Is it possible that older aftershaves preserve better than colognes? Perhaps Old Spice has a generous maturation period of several decades, and not years? I couldn't tell you. But this post at least acknowledges the reality of the situation - you can't expect to make an accurate comparison between something made thirty years ago, and something put on store shelves yesterday.

A member named "Goss" responded in kind to Hank's comment:
"I agree and have changed my position on this subject also. I believe it has to do with aging of the 'recipe.' I have a brand new bottle of Old Spice AS and plan on tucking it away for the next 20 years. I'm sure it will age just like the Shulton O/S."

An even more prescient sentiment was shared by someone going by the moniker "WastedResources" -
"The average shelf life for a bottle of cologne or aftershave is about two years. After that, the ingredients break down, and the scent is no longer its original form, but it may still smell pleasant. This has nothing to do with evaporation. It has everything to do with the aging of chemicals in a bottle. It doesn't mean that the ingredients in the 70 year old bottle aren't different than what's in the new bottles. It just means that the 70 year old bottle doesn't smell the same as it did when it came off of the shelf."

It's possible that an older fragrance may smell somewhat pleasant, and certainly wearable, but as I've always said about this subject, would you really want to experience a fragrance that way? Wouldn't it bother you that you're not really smelling the composition the way it was meant to be smelled? That you're experiencing a faded, simplified, and relatively stale version of whatever scent you enjoy? Isn't it better to get a fresh bottle and, if maturation is a plus for you, let it sit for two years or so, and then enjoy, rather than letting it sit twenty or thirty years past its peak? And most importantly with this scent, isn't it a serious miscalculation to assume that Proctor & Gamble "destroyed" your favorite cologne if you've never had an issue with early nineties P&G Old Spice, back when they still bottled it in glass?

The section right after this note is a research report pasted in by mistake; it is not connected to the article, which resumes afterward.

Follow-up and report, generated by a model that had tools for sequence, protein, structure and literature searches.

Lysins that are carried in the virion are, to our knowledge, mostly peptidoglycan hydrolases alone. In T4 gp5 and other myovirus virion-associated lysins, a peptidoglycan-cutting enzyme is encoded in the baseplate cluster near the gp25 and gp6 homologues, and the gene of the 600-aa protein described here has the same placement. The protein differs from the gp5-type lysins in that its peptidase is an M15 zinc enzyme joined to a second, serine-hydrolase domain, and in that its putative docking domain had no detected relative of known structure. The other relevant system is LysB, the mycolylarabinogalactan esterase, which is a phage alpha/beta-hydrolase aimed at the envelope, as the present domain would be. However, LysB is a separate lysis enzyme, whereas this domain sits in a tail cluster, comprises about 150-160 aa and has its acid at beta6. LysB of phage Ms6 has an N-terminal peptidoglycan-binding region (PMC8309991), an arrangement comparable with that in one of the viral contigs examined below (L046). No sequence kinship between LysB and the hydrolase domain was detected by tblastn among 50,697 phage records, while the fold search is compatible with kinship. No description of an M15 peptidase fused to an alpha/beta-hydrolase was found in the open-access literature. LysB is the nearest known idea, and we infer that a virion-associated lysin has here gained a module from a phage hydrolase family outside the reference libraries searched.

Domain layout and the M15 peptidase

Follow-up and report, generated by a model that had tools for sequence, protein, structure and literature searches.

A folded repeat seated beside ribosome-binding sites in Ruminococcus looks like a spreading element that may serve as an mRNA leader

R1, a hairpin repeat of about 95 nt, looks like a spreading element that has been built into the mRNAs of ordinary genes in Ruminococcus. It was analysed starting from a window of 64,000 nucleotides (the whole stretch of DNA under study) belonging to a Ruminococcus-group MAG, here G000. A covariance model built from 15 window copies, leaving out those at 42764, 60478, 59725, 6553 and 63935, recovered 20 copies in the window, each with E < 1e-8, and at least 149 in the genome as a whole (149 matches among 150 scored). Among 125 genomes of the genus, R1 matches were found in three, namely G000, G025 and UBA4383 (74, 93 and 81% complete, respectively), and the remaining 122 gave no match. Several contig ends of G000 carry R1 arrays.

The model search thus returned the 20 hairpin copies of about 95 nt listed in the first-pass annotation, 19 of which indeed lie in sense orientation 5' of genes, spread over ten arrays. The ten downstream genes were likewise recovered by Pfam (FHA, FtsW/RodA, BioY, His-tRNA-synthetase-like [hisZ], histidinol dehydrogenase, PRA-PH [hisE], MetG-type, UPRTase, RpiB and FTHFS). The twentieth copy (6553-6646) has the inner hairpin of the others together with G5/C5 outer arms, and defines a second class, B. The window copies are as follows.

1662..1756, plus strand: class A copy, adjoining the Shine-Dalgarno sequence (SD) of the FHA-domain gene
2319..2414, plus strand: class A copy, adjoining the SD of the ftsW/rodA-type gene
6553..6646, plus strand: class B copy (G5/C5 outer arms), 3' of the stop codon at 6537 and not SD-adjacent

I often feel this way about my bottle of Furyo by Bogart. I love the stuff with a passion, and it still smells good and quite wearable, but I always wish I'd found it back when it was still on the market, new. I wish to God that I'd worn it in the early nineties, and experienced what it actually smelled like when it was fresh.

If you dislike Proctor & Gamble as a company for some specific reason, state that reason when you complain about them as being some sort of "evil empire" that kills good products. Otherwise I'm left reading your thoughts in suspended animation. I have no idea why you hate them; you just do, and they don't give a shit how you feel anyway.

If you dislike P&G's formula for Old Spice, state why, exactly. Saying that they replaced the spices with "synthetic floral and powder notes" isn't saying anything. Yes, there's a synthetic carnation note in Old Spice. Guess what? There was always a synthetic carnation note in Old Spice. And you know what else? Old Spice always smelled like it was made with synthetics. There's no shame in that. That's what perfumery is. Recent batches have a very natural-smelling clove note in the base, which is unsurprising given that eugenol is a readily available, naturally-derived perfume ingredient that smells terrific, if you like the smell of clove. Actually nothing synthetic there, although to read people's thoughts on it, you'd think they distilled "eau de plastic" into the base. Hey, it's in a plastic bottle, so it automatically smells like plastic, right?

I can't help but wonder why nobody mentions this incredibly clear and potent clove note on any of the boards. Do they not know what eugenol smells like? Are they incapable of identifying clove in a composition? Are they even wearing this stuff long enough to smell it? Are they wearing it at all? The fact that clove is never mentioned as a prominent note in the drydown of the new formula makes me think that most of the complainers aren't really giving P&G OS a fair shake.

If you have a real beef with Old Spice as it stands today, I can only make one suggestion. Try it on the coldest day of the year. They say that a rock song's quality is measured by how good it sounds unplugged. The "Perfume-In-The-Cold Test" is a similar metric for fragrances. If it's really shit, it'll literally collapse under the weight of frigid air. But if it's a masterpiece, the cold can do nothing but enhance its beauty further.

I feel sorry for people who believe that Proctor & Gamble destroyed Old Spice. They're "vintage lovers," and are, unfortunately, their own worst enemy. They nix the potential of any new product, based on its association with an equally (and arbitrarily) maligned manufacturer, and deprive themselves of easy enjoyment by seeking out pricier and rarer vintages. Most insidiously, they spread misinformation about new products on the internet, discouraging people from buying them, putting products that the rest of us enjoy on the line. When confronted about it, some will even reject their own culpability in the commercial stakes, saying their words bear no influence on the fate of a fragrance.